• 6.  ISSN: 2088-8708 Int J Elec & Comp Eng, Vol. 13, No. 5, October 2023: 5755-5763 5760 Figure 2. Log loss curve obtained for the artificial network model Figure 3. Log loss curve obtained for the XGBoost model Figure 4. Feature contribution in the artificial neural network model Figure 5. Feature contribution in the XGBoost model
  • 7. Int J Elec & Comp Eng ISSN: 2088-8708  Predicting active compounds for lung cancer based on quantitative structure-activity … (Hamza Hanafi) 5761 Now, we have performed the training task for our XGBoost model using a reduced number of features. The 11 most relevant features were used as input for the learning process. The model achieved an F1 score of 0.98 with a final mean squared error of 0.02. This score is higher compared to that reached by the study in [35], where an F1 score of 0.76 was obtained. Moreover, we compared the ability of our model to predict drugs that were revealed as highly active in the study [35]. Then, we ranked top-10 highly active molecules in lung cancer, and Table 5 shows a list of these drugs. The top-10 list of molecules we obtained were all supported by the literature. Erlotinib, which ranked 1, is an oral anticancer drug that inhibits the epidermal growth factor receptor responsible for excessive cell development in malignant lung tumors [36]. Paclitaxel, which ranked 2, is used in combination with Cisplatin (ranked 5) as a first-line therapy for patients whose disease cannot be treated with surgery or radiation therapy [37], [38]. Specific KRAS mutations are responsible for lung cancer, and patients with these mutations are often resistant to targeted drugs such as those ranked 3 and 7 [39]. Moreover, drugs predicted to be active in NSCLC by the study in [35] were also present in our top-10 list (drugs ranked 4, 6, 8, 9, and 10), and have been validated by many studies [40]–[45]. Table 4. Structural patterns that describe drugs’ activity in NSCLC obtained from our ML methods PubChem bit position Definition of the descriptor Chemical structure depiction NSCLC activity PubchemFP4 Presence of more than 1 Li molecule highly active PubchemFP165 Presence of more than 4 saturated or aromatic carbon-only ring of size 5 less active or inactive PubchemFP50 Presence of more than 1 Mg molecule highly active PubchemFP51 Presence of more than 1 Al molecule highly active PubchemFP36 Presence of more than 8 S molecules less active or inactive PubchemFP104 Presence of more than 1 Sm molecule highly active PubchemFP119 Presence of at least one unsaturated non-aromatic carbon-only ring of size 3 highly active PubchemFP171 Presence of more than 5 rings of size 5 less active or inactive PubchemFP2 Presence of more than 16 H molecules highly active PubchemFP17 Presence of more than 8 N molecules highly active PubchemFP161 Presence of more than 3 unsaturated non-aromatic carbon-only rings of size 5 less active or inactive Table 5. Top-10 ranked drugs in lung cancer Rank Drug name 1 Erlotinib 2 Paclitaxel 3 Atezolizumab 4 Osimertinib 5 Cisplatin 6 Fluoxetine 7 Sotorasib 8 Sulfasalazine 9 Azathioprine 10 Rotenone 5. CONCLUSION In this paper, we propose a new approach to explore the important structures of active molecules in lung cancer. we set up two machine learning models to learn from chemical structures and predict novel drugs highly active in lung cancer, taking full advantage of a QSAR-based method. We conducted a comparative study to evaluate the performance of the two models based on several metrics. We used SHAP values to perform a feature engineering step and to list essential chemical structures that had a high contribution to the training phase of our models to make accurate predictions. Both models showed good results and were successfully able to rank the top 10 highly active molecules used as a therapy process for patients with lung cancer. The obtained results were compared to the medical research literature and supported by several studies. Our methodology demonstrated promising results that can enhance drug discovery pipelines not only for lung cancer case but can be generalized to other diseases.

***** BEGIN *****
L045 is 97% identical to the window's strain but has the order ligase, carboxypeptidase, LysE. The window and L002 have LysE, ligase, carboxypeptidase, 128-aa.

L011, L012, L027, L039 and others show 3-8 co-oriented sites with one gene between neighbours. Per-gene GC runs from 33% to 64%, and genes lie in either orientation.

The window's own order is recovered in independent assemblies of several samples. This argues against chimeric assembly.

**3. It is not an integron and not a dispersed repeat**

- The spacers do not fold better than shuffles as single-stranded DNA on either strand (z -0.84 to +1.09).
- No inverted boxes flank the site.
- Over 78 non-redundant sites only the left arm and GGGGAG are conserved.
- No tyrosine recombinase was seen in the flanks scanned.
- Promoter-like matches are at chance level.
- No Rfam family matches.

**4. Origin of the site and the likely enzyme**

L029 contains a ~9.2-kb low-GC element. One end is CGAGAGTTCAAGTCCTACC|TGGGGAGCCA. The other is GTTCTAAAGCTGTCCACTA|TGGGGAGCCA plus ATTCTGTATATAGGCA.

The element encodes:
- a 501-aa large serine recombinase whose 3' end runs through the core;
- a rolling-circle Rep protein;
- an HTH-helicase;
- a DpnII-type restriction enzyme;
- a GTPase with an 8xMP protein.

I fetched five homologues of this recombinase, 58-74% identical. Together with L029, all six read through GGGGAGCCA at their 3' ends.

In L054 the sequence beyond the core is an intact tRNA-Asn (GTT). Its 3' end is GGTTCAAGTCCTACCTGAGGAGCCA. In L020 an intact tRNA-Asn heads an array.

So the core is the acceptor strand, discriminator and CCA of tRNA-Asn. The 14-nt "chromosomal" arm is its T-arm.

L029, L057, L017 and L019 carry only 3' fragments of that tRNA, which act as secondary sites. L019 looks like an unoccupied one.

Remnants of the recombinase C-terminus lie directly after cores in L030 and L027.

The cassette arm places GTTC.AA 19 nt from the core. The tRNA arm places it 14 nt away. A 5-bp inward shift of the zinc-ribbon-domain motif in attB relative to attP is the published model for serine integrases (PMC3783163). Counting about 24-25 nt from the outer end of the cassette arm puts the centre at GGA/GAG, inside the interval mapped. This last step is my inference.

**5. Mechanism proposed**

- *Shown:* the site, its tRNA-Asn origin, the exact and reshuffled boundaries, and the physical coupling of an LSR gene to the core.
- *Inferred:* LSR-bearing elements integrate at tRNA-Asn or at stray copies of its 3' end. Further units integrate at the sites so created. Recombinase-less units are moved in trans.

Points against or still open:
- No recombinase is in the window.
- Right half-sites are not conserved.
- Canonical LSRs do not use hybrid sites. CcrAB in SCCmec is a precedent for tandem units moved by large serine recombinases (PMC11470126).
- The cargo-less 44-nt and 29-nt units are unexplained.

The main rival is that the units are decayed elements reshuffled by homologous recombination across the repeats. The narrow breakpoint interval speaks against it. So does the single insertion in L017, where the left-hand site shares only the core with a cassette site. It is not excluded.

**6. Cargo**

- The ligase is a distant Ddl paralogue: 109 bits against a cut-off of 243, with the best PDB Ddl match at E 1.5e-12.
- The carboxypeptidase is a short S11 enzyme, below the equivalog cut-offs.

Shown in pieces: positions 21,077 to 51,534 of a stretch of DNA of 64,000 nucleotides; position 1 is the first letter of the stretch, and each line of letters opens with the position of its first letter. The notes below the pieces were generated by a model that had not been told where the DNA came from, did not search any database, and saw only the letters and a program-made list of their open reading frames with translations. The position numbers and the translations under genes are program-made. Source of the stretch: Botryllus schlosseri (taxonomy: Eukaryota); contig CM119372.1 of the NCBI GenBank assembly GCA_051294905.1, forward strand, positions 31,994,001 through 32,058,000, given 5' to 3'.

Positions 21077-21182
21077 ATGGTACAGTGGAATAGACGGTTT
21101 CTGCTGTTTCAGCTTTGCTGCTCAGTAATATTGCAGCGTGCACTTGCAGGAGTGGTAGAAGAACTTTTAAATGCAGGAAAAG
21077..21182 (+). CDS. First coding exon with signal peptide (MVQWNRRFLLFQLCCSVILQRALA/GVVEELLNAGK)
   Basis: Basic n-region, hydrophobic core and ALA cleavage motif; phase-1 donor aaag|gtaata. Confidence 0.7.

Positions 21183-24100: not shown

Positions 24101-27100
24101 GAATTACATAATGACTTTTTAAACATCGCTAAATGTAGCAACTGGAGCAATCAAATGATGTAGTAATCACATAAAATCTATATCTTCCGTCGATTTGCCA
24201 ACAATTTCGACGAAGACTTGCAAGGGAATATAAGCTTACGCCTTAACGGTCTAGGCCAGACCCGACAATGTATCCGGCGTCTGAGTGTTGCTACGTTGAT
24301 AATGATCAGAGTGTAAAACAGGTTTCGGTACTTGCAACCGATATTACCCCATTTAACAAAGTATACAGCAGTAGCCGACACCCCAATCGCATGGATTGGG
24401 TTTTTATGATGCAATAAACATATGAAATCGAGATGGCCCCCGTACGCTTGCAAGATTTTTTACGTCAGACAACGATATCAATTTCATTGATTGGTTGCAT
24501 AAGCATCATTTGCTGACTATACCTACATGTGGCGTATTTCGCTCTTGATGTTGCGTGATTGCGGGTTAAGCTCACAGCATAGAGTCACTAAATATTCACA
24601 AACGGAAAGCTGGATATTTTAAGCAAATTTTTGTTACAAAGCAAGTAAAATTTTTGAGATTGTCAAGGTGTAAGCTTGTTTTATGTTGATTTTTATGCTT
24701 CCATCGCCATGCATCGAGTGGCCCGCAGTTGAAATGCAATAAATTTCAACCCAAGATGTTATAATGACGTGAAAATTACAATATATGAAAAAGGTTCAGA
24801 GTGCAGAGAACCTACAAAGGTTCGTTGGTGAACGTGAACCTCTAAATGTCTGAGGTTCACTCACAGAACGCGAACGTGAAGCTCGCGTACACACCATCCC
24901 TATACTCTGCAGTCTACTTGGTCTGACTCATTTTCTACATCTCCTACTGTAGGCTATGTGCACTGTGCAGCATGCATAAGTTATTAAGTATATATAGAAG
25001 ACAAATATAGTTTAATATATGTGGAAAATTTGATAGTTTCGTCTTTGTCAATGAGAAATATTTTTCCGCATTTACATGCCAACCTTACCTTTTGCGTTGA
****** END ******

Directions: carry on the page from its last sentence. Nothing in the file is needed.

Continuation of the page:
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Yang et al., “Antitumor effect of fluoxetine on chronic stress-promoted lung cancer growth via suppressing kynurenine pathway and enhancing cellular immunity,” Frontiers in Pharmacology, vol. 12, Aug. 2021, doi: 10.3389/fphar.2021.685898. [44] D. A. Gomes, A. M. Joubert, and M. H. Visagie, “In vitro effects of papaverine on cell proliferation, reactive oxygen species, and cell cycle progression in cancer cells,” Molecules, vol. 26, no. 21, Oct. 2021, doi: 10.3390/molecules26216388. [45] K. W. Baik, S. H. Kim, and H. Y. Shin, “Paraneoplastic neuromyelitis optica associated with lung adenocarcinoma in a young woman,” Journal of Clinical Neurology, vol. 14, no. 2, pp. 246–247, 2018, doi: 10.3988/jcn.2018.14.2.246. BIOGRAPHIES OF AUTHORS Hamza Hanafi received his degree in Computer Science engineering in 2017 from the Faculty of Sciences and Technologies at the University Abdelmalek Essaâdi in Tangier, Morocco. He is currently a Ph.D. candidate and member of the Intelligent Automation Team at the STI Doctoral Center, also located in the Faculty of Sciences and Technologies at the University Abdelmalek Essaâdi. His research interests include computational biology, bioinformatics, and machine learning. Hamza has published several research articles in international journals and conferences on computer science. He can be contacted at email: hamzahanafi1@gmail.com or hamza.hanafi@etu.uae.ac.ma. Badr Dine Rossi Hassani is a full professor of biology at the Faculty of Sciences and Technologies (FST) of Tangier, Morocco, and Ph.D. managing director at LABIPHABE laboratory, his research areas interest many disciplines: Cancer Research, Biotechnology, Bioinformatics. He is a member of scientific committees of many international conferences and journals. He can be contacted at email: badrrossi@gmail.com. M’hamed Aït Kbir is a full professor at the computer science department of the Faculty of Sciences and Technologies (FST) of Tangier, since 2001, University Abdelmalek Essaâdi, Morocco. As a member of LIST laboratory, since 2007, his research works focus on three main areas: Computer vision (multimedia flow optimization, multimedia document content watermarking, object recognition, 3D contents indexing and retrieval, 3D reconstruction)- artificial intelligence (machine learning, deep learning, planning and search strategies)- bioinformatics (micro-array data decision making, biological data integration, biological networks analysis). He is a member of scientific committees of many international conferences and journals. As an expert, he participates in the evaluation of public and private education programs for the ANEAQ and the ministry of higher education and scientific research. He can be contacted by email: maitkbir@uae.ac.ma.